The following information is provided
courtesy of The Catering Equipment Suppliers Association.
Understanding Microwave Ovens
ovens are a hugely important part of every professional kitchen.
As a standard microwave-only oven they can perform essential
functions such as safely re-heating frozen or chilled food,
which is at the heart of many menus in informal dining
restaurants and pubs or in room-service for hotels.
Where they get much more
versatile in when they become a combination microwave oven. The
combination is the addition of convection hot air and a grill.
This transforms a simple re-heating cabinet into a
multi-function cooking oven. Jacket potatoes can be softened
then crisped, pastry dishes can be reheated and crisped, in fact
almost all of the functions of a standard oven can be performed
in the combination microwave oven. The main limitation is of
load capacity and the absence of steam in a standard-size
microwave oven. Although it is possible to buy a combi-oven
which incorporates microwave energy.
rule of thumb is that microwave only is for re-heating,
combination microwave ovens are for reheating and primary
There is a
minority view among caterers that all microwave ovens are the
same, the only difference between commercial ovens and domestic
ovens being the power and price. This is completely untrue.
There are clear cooking, construction and food safety
differences between microwave ovens designed for domestic use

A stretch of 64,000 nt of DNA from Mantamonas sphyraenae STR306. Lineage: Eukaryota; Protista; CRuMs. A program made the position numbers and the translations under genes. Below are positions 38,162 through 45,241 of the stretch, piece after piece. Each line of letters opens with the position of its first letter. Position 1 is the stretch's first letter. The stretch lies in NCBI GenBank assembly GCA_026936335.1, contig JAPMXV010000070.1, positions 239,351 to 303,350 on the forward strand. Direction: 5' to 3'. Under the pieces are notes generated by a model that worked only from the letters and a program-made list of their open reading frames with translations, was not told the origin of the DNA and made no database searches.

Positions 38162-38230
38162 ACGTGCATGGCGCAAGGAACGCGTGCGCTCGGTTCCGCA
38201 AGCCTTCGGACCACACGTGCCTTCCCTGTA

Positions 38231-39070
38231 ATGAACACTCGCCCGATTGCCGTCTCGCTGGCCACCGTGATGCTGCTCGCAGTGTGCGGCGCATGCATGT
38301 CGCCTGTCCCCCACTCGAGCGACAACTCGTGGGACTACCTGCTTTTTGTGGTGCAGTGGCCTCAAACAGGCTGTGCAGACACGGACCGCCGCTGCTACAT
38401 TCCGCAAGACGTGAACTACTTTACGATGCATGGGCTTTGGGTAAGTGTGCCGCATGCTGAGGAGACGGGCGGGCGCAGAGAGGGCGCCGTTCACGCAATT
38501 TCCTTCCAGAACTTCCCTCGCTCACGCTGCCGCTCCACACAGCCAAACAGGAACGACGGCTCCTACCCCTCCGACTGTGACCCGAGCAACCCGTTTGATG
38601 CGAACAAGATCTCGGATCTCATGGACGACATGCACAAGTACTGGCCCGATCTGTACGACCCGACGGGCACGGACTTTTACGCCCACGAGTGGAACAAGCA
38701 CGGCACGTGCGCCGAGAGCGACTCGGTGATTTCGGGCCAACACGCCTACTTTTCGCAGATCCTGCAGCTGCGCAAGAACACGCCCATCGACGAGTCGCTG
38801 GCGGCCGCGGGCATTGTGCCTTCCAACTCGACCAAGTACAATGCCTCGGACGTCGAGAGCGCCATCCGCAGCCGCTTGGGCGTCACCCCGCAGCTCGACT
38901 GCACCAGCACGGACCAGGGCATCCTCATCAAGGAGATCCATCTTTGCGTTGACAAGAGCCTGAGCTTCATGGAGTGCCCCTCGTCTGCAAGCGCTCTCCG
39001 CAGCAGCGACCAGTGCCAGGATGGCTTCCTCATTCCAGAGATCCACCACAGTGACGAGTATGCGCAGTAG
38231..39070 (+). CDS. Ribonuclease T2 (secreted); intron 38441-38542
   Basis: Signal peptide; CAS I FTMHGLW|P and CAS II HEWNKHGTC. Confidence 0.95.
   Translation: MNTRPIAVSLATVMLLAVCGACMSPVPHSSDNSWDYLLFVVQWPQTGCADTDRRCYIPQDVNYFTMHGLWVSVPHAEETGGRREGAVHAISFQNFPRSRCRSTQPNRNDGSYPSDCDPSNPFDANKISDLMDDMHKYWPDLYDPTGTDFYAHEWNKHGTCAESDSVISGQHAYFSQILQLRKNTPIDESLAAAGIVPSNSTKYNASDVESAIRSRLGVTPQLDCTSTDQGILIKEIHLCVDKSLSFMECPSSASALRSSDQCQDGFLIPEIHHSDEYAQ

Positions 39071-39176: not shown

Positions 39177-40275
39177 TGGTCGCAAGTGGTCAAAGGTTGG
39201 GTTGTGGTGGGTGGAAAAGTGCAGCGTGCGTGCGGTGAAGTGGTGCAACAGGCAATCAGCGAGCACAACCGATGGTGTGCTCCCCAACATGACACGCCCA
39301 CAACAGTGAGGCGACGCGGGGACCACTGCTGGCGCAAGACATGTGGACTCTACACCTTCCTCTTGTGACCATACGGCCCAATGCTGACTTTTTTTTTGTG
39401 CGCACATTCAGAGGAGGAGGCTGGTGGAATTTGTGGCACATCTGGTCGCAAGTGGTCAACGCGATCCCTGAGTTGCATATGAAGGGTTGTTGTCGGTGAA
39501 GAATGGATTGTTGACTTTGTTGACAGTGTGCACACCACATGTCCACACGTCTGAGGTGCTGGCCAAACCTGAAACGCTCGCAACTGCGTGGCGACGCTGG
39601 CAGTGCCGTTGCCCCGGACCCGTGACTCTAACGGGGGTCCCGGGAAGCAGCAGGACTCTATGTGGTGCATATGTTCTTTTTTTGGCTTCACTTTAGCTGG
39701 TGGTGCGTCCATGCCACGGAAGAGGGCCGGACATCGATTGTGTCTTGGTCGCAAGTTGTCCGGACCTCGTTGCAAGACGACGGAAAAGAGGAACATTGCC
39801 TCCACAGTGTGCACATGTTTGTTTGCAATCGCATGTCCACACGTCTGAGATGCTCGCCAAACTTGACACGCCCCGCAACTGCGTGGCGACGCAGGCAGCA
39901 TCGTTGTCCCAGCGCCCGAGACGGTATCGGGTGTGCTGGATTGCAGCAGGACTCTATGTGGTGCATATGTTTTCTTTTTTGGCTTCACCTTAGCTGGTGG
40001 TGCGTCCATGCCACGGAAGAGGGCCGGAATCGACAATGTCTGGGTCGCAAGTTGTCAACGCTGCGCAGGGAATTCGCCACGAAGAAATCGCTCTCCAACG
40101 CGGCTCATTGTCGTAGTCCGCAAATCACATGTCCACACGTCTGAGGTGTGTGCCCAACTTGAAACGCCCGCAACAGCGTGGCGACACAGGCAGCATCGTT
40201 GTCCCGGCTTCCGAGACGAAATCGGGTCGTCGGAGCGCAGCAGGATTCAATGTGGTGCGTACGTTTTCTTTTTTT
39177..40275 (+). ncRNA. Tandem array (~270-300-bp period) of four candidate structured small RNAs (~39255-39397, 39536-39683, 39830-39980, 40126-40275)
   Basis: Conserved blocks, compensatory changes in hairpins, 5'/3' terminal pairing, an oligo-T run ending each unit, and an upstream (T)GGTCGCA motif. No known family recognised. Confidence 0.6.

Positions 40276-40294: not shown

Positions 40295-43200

and those designed for the professional kitchen.
microwave ovens are often low power, which means they will take
far longer to reheat, defrost or cook food than a commercial
oven. While domestic ovens have a power rating from 600 watts to
900 watts, commercial microwave ovens can be up to 2000 watts.
The term watts is a unit of measurement for the heating power of
a microwave oven.
which produces the energy waves which heat food in a microwave
oven is called a magnetron. Domestic microwave ovens usually
just have a single magnetron while commercial microwave ovens
usually have two magnetrons which are built to a higher
specification, making them faster, more efficient and longer
build microwave oven is built to withstand hard use every day,
while a domestic is designed to be used just a couple of times a
day, which repeated use of a domestic microwave oven can lead to
a loss of power with the associated food safety risks.
energy needs to be evenly spread around the oven cavity to
ensure that all parts of the food inside are safely heated.
Where chilled or frozen food is not thoroughly heated, harmful